National Health Service Corps Celebrating 50 Years. The Health Resources and Services Administration’s (HRSA) National Health Service Corps (NHSC) is gearing up to celebrate 50 years of commitment, compassion, and community in rural America, and invites you to join in by sharing your experiences. Established with the Emergency Health Personnel Act of 1970, the NHSC placed its first clinicians in 20 communities in 13 states, which included physicians, dentists, and nurses. Currently, rural areas of the country are served by 7,133 NHSC clinicians at more than 8,500 NHSC-approved sites.

Know Your COVID-19 Community Level. Last week, the Centers for Disease Control and Prevention (CDC) adjusted its guidance for wearing masks to allow for personal decision-making based on three levels of risk – low, medium, and high – in each community, taking into account population immunity from both vaccinations and infections. A well-fitting mask is still recommended for indoor public venues, including in K-12 schools, regardless of vaccination status. The CDC’s COVID-19 Vaccination Equity tab shows vaccination trends by urban/rural status. As of February 23, 2022, 48.5 percent of people in rural counties are fully vaccinated, while the range of vaccination coverage in the 5 urban/metro counties ranged from 52.3 percent (micropolitan) to 66.0 percent (large central metro).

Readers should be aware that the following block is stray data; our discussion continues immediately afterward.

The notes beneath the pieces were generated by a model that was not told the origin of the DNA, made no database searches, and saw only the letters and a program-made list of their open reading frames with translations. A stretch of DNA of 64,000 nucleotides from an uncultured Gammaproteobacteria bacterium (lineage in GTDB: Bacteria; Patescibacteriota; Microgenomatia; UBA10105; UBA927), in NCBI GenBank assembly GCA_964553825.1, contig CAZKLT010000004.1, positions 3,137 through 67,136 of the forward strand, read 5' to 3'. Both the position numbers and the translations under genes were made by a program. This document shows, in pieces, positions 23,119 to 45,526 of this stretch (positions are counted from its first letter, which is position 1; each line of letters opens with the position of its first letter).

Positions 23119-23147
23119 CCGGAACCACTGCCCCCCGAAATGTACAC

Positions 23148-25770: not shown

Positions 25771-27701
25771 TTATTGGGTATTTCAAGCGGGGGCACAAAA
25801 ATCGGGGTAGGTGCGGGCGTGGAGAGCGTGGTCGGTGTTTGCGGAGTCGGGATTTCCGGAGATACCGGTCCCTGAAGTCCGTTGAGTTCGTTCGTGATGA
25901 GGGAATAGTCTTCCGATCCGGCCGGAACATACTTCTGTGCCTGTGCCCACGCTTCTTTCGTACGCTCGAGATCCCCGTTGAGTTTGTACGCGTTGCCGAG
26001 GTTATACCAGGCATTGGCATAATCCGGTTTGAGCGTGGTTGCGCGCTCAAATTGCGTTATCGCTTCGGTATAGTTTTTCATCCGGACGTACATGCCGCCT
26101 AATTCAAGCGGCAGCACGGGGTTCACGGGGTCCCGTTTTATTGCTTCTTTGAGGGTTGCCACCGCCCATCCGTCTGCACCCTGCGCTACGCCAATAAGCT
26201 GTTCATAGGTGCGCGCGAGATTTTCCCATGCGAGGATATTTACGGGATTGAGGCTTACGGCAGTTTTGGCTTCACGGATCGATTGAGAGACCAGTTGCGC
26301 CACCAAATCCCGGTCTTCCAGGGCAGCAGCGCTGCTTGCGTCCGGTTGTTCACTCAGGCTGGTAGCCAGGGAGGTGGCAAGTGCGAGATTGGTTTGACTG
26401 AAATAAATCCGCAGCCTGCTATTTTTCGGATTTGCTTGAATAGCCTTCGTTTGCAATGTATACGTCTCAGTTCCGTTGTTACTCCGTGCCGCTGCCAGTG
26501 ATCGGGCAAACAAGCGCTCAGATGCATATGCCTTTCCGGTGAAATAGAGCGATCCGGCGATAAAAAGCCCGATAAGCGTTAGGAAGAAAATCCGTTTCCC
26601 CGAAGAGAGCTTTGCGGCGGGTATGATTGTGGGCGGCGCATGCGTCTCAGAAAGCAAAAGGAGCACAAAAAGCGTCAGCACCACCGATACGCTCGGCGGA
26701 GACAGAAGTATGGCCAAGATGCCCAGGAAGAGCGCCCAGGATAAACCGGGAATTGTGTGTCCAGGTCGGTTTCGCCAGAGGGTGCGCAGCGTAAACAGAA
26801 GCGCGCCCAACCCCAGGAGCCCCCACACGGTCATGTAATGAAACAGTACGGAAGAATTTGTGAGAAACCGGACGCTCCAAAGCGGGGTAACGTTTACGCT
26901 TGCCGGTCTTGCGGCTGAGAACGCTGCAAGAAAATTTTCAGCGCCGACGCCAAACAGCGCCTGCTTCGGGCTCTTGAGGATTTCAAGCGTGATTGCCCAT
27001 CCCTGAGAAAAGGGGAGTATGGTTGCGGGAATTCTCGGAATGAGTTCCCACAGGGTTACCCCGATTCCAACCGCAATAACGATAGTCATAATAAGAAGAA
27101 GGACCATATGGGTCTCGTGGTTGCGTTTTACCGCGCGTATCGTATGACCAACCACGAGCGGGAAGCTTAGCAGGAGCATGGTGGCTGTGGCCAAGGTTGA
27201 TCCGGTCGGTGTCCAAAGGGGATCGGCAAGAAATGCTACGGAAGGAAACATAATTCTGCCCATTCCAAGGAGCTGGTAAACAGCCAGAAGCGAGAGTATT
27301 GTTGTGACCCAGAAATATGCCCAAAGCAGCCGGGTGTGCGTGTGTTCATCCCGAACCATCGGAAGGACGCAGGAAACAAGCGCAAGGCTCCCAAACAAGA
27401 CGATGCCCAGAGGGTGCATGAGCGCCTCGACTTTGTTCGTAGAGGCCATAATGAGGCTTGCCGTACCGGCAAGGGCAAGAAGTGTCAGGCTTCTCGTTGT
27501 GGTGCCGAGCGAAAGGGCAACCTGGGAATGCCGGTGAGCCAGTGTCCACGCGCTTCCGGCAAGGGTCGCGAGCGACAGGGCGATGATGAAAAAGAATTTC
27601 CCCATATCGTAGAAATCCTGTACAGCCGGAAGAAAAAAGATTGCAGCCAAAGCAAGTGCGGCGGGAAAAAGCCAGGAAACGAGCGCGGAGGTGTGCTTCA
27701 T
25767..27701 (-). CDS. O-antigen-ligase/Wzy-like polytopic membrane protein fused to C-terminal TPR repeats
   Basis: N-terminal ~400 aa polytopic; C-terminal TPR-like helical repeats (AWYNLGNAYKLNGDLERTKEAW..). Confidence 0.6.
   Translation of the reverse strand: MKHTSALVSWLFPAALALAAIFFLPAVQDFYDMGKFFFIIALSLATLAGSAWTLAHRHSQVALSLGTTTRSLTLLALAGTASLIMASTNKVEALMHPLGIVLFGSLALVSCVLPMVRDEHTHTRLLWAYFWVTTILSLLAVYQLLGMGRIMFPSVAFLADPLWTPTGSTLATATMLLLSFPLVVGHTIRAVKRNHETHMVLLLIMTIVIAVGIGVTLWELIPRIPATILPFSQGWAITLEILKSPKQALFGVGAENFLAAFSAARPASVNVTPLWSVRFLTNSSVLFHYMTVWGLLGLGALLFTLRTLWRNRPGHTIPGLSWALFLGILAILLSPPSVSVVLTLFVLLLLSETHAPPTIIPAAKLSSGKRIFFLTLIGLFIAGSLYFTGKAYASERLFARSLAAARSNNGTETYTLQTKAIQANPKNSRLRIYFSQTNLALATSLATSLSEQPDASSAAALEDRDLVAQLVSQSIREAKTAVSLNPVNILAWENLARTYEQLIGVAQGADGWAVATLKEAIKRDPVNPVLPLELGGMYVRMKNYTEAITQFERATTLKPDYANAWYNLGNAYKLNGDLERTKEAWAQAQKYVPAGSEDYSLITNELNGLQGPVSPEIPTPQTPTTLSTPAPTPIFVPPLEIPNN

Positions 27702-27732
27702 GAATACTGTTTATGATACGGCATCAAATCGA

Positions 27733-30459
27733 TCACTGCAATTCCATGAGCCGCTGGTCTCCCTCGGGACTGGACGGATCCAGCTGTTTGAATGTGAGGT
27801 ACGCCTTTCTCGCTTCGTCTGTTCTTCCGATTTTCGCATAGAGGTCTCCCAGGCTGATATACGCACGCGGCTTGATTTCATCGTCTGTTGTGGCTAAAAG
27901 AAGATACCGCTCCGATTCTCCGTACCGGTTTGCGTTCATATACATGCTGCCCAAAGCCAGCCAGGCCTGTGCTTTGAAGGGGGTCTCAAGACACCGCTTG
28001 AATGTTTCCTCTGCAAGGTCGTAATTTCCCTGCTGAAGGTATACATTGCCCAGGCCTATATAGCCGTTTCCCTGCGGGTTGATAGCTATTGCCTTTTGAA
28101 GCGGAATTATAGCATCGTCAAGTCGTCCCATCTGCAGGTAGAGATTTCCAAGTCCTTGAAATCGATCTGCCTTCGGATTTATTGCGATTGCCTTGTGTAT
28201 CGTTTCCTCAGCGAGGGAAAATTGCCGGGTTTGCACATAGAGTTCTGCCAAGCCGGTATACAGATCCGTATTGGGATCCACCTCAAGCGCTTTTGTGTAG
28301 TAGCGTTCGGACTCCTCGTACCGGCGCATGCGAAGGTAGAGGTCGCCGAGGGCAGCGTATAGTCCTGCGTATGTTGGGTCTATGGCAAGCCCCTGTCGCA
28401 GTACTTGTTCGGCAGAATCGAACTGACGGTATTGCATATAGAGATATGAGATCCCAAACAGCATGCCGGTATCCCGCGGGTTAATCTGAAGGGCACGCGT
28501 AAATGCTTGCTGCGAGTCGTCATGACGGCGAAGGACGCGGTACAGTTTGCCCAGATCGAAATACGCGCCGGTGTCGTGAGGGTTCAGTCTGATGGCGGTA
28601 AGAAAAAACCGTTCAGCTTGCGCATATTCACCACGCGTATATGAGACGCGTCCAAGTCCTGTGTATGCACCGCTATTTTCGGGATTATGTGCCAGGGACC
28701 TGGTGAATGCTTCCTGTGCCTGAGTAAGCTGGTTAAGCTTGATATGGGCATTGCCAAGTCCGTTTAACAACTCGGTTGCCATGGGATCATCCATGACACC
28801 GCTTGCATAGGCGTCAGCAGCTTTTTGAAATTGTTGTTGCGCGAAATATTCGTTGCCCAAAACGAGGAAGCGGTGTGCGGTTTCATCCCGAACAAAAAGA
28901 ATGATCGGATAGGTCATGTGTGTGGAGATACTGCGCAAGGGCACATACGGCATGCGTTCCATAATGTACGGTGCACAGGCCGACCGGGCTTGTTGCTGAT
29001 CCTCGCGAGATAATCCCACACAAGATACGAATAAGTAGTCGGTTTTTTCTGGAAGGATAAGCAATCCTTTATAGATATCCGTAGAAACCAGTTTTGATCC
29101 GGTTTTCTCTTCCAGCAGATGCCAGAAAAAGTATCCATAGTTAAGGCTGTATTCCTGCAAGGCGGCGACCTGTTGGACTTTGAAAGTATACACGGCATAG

Spread the Word About Vaccine Boosters. The U.S. Department of Health & Human Services (HHS) released new resources – posters, flyers, videos, and talking points – to help promote the extra protection from COVID-19 boosters. All vaccinated adults aged 18+ are eligible for a booster. A few weeks ago, the Centers for Disease Control and Prevention (CDC) expanded booster eligibility to include adolescents ages 12 to 17, recommending that they receive a booster shot five months after their initial vaccination. The CDC also released a new resource, based on input from rural health departments and organizations, with 12 strategies to increase vaccine uptake in rural communities (pdf). Search by zip code to find nearby locations providing adult and pediatric vaccines and boosters for COVID-19 and the flu at vaccines.gov.

Ongoing: HRSA Payment Program for RHC Buprenorphine-Trained Providers. In June 2021, the Health Resources and Services Administration (HRSA) launched an effort to improve access to substance use disorder treatment by paying for providers who are waivered to prescribe buprenorphine, a medication used to treat opioid use disorder. Rural Health Clinics (RHCs) still have the opportunity to apply for a $3,000 payment on behalf of each provider who trained to obtain the waiver necessary to prescribe buprenorphine after January 1, 2019. Approximately $1.5 million in program funding remains available for RHCs and will be paid on a first-come, first-served basis until funds are exhausted. Send questions to DATA2000WaiverPayments@hrsa.gov. There is ongoing availability of a free online course for waiver eligibility training from the American Osteopathic Academy of Addiction Medicine and the Providers Clinical Support System.